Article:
Firehouse Restaurant is a relatively undiscovered Italian bistro in the Woodlawn section of Portland, a vibrant up-and-coming neighborhood that nurtures adventurous entrepreneurs (while at times making visitors feel unsure about leaving their car on the street). The restaurant's interior is warm and cozy, with an open kitchen focused around a hand-tiled wood-fired oven. Firehouse offers a full dinner menu as well as four different individual sized pizzas which are served to diners unsliced.
The not-quite-circular Pizza Margherita ($12, pictured at top) boasted beautiful bits of "leopard-spotting" around the puffed, chewy rim. A delicate paperlike char accentuated the lightly sour and spot-on salty flavors in the dough. The "sauce" existed here in the form of fuss-free tomato, minimally processed and seasoned. A delicate hand was acceptable in this instance; the tomatoes were sweet and robust on their own. A rich and milky fresh mozzarella melted perfectly with minimal burn, which in turn coated the pie with a luxuriousness that only expensive dairy could provide. A sharper cheese was present to provide balance and tang. The basil screamed freshness and remained springy thanks to an pre-bake olive oil bath. The flavors here were so appropriately and classically "Margherita" that my only complaint came from a bit of a crust-sag; a result of both a thin undercarriage and a liberal use of tomato and cheese.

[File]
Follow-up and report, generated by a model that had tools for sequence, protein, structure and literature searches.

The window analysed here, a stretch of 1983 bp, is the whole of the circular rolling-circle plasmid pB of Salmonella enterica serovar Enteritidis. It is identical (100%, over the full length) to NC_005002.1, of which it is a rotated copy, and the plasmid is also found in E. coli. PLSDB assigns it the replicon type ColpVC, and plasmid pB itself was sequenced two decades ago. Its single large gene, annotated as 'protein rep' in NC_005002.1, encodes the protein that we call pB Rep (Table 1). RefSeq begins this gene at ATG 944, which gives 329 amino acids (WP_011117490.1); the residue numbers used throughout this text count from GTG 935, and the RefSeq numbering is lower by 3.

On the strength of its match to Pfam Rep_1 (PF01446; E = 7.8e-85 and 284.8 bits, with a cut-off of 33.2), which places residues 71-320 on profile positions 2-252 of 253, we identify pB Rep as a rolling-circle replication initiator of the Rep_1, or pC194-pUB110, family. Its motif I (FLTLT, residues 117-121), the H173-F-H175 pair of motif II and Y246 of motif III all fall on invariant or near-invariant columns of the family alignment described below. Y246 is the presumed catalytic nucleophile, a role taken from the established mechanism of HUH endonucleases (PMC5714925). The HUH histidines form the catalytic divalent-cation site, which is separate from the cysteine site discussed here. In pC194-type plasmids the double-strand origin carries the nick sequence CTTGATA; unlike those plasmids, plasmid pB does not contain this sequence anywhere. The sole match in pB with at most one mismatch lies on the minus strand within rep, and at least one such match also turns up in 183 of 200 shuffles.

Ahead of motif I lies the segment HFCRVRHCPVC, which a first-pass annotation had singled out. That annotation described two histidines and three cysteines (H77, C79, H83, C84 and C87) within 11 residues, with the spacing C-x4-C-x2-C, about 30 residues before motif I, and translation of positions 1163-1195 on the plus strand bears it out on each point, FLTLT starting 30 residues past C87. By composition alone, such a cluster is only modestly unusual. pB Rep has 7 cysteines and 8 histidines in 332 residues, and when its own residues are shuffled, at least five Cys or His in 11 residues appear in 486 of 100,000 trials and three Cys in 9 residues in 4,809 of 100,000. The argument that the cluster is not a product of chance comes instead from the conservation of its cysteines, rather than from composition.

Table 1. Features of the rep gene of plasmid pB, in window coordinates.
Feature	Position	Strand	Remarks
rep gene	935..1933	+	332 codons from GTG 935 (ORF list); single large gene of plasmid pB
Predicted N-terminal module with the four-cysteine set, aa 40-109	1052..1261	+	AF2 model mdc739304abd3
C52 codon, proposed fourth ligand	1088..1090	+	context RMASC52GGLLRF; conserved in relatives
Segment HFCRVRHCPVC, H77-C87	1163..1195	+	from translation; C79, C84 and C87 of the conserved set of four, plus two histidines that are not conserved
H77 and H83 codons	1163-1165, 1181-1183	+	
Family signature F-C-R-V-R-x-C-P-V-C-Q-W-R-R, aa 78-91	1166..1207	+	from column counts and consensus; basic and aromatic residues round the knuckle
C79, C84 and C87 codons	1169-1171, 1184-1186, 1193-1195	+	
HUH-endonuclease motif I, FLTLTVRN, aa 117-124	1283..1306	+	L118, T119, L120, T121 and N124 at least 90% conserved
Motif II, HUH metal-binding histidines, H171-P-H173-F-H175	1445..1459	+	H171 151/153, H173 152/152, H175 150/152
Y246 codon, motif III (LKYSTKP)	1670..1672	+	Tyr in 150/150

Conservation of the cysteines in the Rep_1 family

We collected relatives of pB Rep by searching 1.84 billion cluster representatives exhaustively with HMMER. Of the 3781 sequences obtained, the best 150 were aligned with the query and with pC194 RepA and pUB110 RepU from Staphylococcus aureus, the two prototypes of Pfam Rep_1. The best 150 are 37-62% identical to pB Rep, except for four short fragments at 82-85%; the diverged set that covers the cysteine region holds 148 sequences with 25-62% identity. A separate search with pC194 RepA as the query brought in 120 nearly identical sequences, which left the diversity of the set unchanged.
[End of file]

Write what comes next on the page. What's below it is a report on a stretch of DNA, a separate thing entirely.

The Pizza Sopressata ($15) was crafted as a showcase for monstrous slices of salty, spicy, porky goodness, only five of which fit on the pie. The meat was sprinkled with a generous helping of fresh chili flakes. This pizza certainly satisfied the craving for something savory, with the heat and salt building over the course of the meal. The richness from the cheese provided a perfect foil for cured pork and spice.
The Sausage pizza ($15) had both high and low points. The mounds of loose sausage were moist, with an almost-buttery flavor, but they lacked an essential fennel or pepper buzz that would have cut through the fat. The onions weren't quite as caramelized or charred in the wood oven as I'd hoped, but the crust was as excellent as it was on the other pies.
A crisp, hop-kissed Heater Allen Pilsner ($5) was the perfect accompaniment to Firehouse's pizzas. It's worth noting that Firehouse is one of very few places that this small-batch pilsner can be found on draft.
The pizzas at Firehouse are picturesque and delicious; they're a wonderful example of top-shelf ingredients cooked properly in a wood oven. If I had one wish, though, it would be for a longer list of pizzas on the menu. In a town with quite a few accomplished pizzamakers, Firehouse has the goods to go toe-to-toe with some of Portland's strongest pie shops.